This post is meant to offer guidance to common “what now” questions that could emerge from pastor J.D.’s sermon on Luke 4-7 preached at The Summit Church Saturday/Sunday March 19-20, 2011.

Jesus loves the poor, captives, oppressed, gentiles, tax collectors, and prostitutes. Before we ask ourselves, “Do we love them too?” there is more fundamental question we must ask ourselves. Do we belong with them? Are we reaching “down” to them, or are we with them being reached “down” to by their Christ?

Jesus made people angry by loving the “least of these” because His love said something about humanity in general. The establishment (political and religious leaders) of Jesus’ day heard what He said very clearly and they were insulted. They were insulted because they did not believe themselves to be “like” who Jesus loved and, therefore, they did not “like” who Jesus loved.

We must see that we are not only one in the Gospel, but we are also one in our need for the Gospel. We stand in the same line of grace. If we are offended by this, then we will not like who Jesus loves in two senses of the word “like.”

First, we will not think we are similar to or as bad as those Jesus loves. We will begin to think that we only needed redemption-light compared with “those others” who Jesus loves.

Second, we will resent those who Jesus loves because they “discredit” the caliber of organization of which we are a part.

If we are going to love those that Jesus loves, we must rid our mind of moral classifications of humanity. There are not first class and second class people. Socio-economic status, education, talent, charisma, morality, humor, technical skill, and loyalty do not “set us a apart” (the core meaning of holiness) in the way we are prone to think they do.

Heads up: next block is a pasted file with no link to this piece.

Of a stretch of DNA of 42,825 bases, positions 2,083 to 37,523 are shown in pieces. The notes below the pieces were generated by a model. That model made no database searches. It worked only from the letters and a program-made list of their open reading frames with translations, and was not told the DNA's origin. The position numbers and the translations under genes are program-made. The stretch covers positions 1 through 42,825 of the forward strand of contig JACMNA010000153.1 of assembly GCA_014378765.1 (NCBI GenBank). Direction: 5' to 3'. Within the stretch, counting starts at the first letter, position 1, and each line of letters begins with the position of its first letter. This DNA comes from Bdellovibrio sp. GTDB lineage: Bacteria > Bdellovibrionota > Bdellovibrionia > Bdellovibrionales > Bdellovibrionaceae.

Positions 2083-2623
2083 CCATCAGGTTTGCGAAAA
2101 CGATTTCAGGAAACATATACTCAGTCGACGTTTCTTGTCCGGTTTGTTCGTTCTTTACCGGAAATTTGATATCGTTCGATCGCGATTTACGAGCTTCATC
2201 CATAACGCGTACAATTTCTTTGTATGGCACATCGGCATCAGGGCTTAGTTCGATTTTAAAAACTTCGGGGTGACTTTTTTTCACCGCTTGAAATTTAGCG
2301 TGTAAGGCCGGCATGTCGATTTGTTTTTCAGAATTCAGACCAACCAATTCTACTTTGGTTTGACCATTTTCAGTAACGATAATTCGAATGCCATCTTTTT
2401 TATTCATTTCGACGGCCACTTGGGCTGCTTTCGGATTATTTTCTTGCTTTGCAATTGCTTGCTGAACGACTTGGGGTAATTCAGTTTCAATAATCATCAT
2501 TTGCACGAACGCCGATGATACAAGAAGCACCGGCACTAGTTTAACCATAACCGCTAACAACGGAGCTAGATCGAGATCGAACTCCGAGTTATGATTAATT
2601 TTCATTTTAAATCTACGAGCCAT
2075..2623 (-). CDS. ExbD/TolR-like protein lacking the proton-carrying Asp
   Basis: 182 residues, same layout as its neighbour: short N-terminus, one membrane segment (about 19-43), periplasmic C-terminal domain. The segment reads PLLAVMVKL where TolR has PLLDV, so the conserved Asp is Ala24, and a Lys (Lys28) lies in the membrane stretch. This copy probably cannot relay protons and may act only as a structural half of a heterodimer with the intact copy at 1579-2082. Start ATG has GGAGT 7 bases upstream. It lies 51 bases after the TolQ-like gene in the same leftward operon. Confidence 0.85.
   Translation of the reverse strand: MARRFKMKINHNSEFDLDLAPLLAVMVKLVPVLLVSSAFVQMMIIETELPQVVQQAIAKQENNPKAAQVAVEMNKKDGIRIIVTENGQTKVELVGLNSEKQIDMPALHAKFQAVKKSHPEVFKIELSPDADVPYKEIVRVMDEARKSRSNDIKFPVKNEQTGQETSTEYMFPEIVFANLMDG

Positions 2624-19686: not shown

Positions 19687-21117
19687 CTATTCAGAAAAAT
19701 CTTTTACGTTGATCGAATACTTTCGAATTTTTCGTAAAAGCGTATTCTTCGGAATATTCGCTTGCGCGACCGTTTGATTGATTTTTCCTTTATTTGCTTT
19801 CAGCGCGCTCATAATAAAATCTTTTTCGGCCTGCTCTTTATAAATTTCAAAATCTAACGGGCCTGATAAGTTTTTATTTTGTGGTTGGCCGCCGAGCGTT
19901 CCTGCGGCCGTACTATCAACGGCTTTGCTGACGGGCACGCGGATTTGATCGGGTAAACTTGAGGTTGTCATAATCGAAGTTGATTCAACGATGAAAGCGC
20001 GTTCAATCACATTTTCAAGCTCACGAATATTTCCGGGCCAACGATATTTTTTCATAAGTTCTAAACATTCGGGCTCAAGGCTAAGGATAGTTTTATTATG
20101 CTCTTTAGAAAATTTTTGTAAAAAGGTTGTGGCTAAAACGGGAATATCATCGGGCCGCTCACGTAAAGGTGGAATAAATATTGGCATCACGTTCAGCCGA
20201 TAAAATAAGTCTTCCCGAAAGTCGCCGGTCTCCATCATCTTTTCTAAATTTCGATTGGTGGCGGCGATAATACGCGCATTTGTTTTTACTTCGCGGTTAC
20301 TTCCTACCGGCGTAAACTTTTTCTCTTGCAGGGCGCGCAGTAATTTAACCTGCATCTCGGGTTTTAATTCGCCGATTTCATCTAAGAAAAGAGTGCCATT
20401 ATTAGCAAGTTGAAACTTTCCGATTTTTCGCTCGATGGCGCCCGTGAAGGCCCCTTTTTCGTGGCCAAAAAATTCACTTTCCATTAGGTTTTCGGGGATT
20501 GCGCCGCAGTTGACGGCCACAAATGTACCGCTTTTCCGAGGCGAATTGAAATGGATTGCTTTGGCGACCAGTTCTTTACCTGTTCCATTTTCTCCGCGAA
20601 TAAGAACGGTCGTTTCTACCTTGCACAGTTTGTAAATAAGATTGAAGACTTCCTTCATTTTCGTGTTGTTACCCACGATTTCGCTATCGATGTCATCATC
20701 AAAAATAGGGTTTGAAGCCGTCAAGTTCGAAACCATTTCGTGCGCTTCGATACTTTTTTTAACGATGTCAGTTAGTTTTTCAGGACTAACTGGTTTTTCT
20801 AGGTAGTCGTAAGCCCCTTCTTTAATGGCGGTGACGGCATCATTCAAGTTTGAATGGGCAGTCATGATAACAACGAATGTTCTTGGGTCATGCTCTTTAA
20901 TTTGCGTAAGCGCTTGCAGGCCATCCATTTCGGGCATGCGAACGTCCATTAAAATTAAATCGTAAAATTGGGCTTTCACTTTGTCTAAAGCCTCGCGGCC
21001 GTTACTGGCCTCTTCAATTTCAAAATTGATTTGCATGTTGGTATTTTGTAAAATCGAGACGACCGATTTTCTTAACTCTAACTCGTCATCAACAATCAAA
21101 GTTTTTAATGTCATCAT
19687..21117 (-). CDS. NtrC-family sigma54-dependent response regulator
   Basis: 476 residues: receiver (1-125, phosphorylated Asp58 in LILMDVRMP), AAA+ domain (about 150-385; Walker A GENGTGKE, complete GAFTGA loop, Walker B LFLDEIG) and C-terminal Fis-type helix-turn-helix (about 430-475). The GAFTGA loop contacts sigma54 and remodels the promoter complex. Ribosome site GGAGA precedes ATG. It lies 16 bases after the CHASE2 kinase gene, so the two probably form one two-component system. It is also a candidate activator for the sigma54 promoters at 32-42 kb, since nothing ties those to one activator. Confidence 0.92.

These attributes may have social, financial, relational, or emotional benefits and they can contribute to the ease and enjoyment of life. However, they do not make us different kinds of people and they do not change the substance of our nature. We need the same Jesus regardless of where we fit on any of these spectrums. A Russian novelist captured it this way.

“If only it were all so simple! If only there were evil people somewhere insidiously committing evil deeds, and it were necessary only to separate them from the rest of us and destroy them. But the line dividing good and evil cuts through the heart of every human being.  And who is willing to destroy a piece of his own heart?“  Aleksandr Solzhenitsyn in The Gulag Archipelago.

Can you say:

I see my own reflection in every person Jesus loves.

Until you can, you will not understand and wrestle with the rage that Jesus elicited in His earthly ministry. When we are gripped by this understanding we will no longer be embarrassed to reach out to someone “beneath” us and no longer be intimidated to reach out to someone “above” us.

Take a moment to consider how many of our emotions and dispositions stem from the same grading-system-mindset that infuriated Jesus’ opponents: insecurity, offense, condescension, avoidance, intimidation, prejudice, and many forms of anger. How many ways does it slip into your daily conversation (i.e., “Wow, that person really married up.”).

Use these reflections to connect with the Gospel of Luke. See yourself in those Jesus loves and those who oppose Jesus, so that you can see your world and yourself through the lens of this account of Jesus’ life.